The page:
XXX a photo would be nice here

The Good Preset

The DM1000 can store and recall presets in its SCENE MEMORY. The presets are numbered from 0 to 99.

The pair of red seven-segment displays shows you the 2-digit number of the current (most recently recalled) preset. A little red dot where you might expect to see a decimal point will blink if the DM1000’s current settings are different from the preset’s.

Preset number 1 should be CCRMA GOOD and it should configure everything you need in the studio for 99% of uses.

This preset has all the volume faders down all the way so you don’t get blasted; once you select it you should go to the right “layer” so the faders control the input channels you’re using and then slowly and carefully turn them up to a comfortable listening level (being mindful that sometimes the mixer doesn’t “notice” when you move the faders) .

If you need to save exact gain levels, custom routing of channels to specific loudspeakers, or anything else, then please save to a different preset. Under DISPLAY ACCESS (to the left of the LCD) press the diamond-shaped SCENE button, if necessary pressing repeatedly to get to the leftmost tab SCENE where you can scroll through the entire scene memory.

Input Patch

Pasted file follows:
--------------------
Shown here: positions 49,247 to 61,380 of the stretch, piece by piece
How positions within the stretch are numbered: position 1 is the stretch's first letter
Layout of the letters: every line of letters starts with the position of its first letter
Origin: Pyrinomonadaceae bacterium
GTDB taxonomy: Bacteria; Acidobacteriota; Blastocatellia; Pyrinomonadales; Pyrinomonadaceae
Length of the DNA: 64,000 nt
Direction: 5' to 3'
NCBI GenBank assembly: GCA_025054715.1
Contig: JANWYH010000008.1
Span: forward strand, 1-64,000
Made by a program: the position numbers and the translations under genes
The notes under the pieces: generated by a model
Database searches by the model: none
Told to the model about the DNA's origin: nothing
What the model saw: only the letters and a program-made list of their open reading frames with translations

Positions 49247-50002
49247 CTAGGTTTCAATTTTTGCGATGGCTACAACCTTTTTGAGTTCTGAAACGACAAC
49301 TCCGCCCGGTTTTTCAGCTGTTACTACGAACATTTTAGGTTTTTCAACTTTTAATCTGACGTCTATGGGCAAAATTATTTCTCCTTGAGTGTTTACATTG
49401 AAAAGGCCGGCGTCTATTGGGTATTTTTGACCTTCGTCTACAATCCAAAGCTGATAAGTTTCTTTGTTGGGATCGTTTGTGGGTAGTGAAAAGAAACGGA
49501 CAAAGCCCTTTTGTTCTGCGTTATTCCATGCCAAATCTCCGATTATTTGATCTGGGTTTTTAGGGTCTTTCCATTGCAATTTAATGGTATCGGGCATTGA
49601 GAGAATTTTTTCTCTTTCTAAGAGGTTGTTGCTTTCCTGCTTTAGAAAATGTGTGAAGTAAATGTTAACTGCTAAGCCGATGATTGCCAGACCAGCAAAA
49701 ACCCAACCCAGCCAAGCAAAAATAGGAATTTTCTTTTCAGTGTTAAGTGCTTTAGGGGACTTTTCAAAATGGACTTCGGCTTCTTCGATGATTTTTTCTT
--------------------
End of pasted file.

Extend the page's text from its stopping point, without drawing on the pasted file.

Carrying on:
This is where you see how the physical audio inputs map to the 48 virtual “input channels” of the mixing board interface.

Under DISPLAY ACCESS (to the left of the LCD) one of the diamond-shaped buttons is INPUT PATCH. Press this to bring the display to IN PATCH. You want the leftmost tab IN PATCH.

Now you see all 48 virtual input channels of the mixing board interface (in 6 rows of 8 channels each) and can assign each to a specific physical input.

The INPUT PATCH LIBRARY (the rightmost tab of the INPUT PATCH interface) is a separate preset system for input patches. These can optionally be linked to a scene in the overall preset system. Talk to CCRMA staff for help saving custom input patching for your project.

Output Patch

This is where you control which virtual mixer output channels (bus 1-8, aux 1-8, stereo main mix L+R, control room L+R, inserts, “surround” outputs, etc.) appear on which physical audio outputs.

Under DISPLAY ACCESS (to the left of the LCD) one of the diamond-shaped buttons is OUTPUT PATCH. Press this to bring the display to OUT PATCH. You want the leftmost two tabs SLOT OUT and OMNI OUT

The main analog outputs are OMNI OUT and typically correspond to the output loudspeaker channels. We generally feed these from BUS1 through BUS8.

In Studio E, Slot 1 has an ADAT card that digitally sends and receives 8 channels to and from both the Mac Pro and the CCRMA Linux Workstation.

The OUTPUT PATCH LIBRARY (the rightmost tab of the OUTPUT PATCH interface) is a separate preset system for output patches. These can optionally be linked to a scene in the overall preset system. Talk to CCRMA staff for help saving custom output patching for your project.

This page of CCRMA documentation last committed on Thu Sep 26 14:33:57 2019 -0700 by Matthew James Wright. Stanford has a page for Digital Accessibility.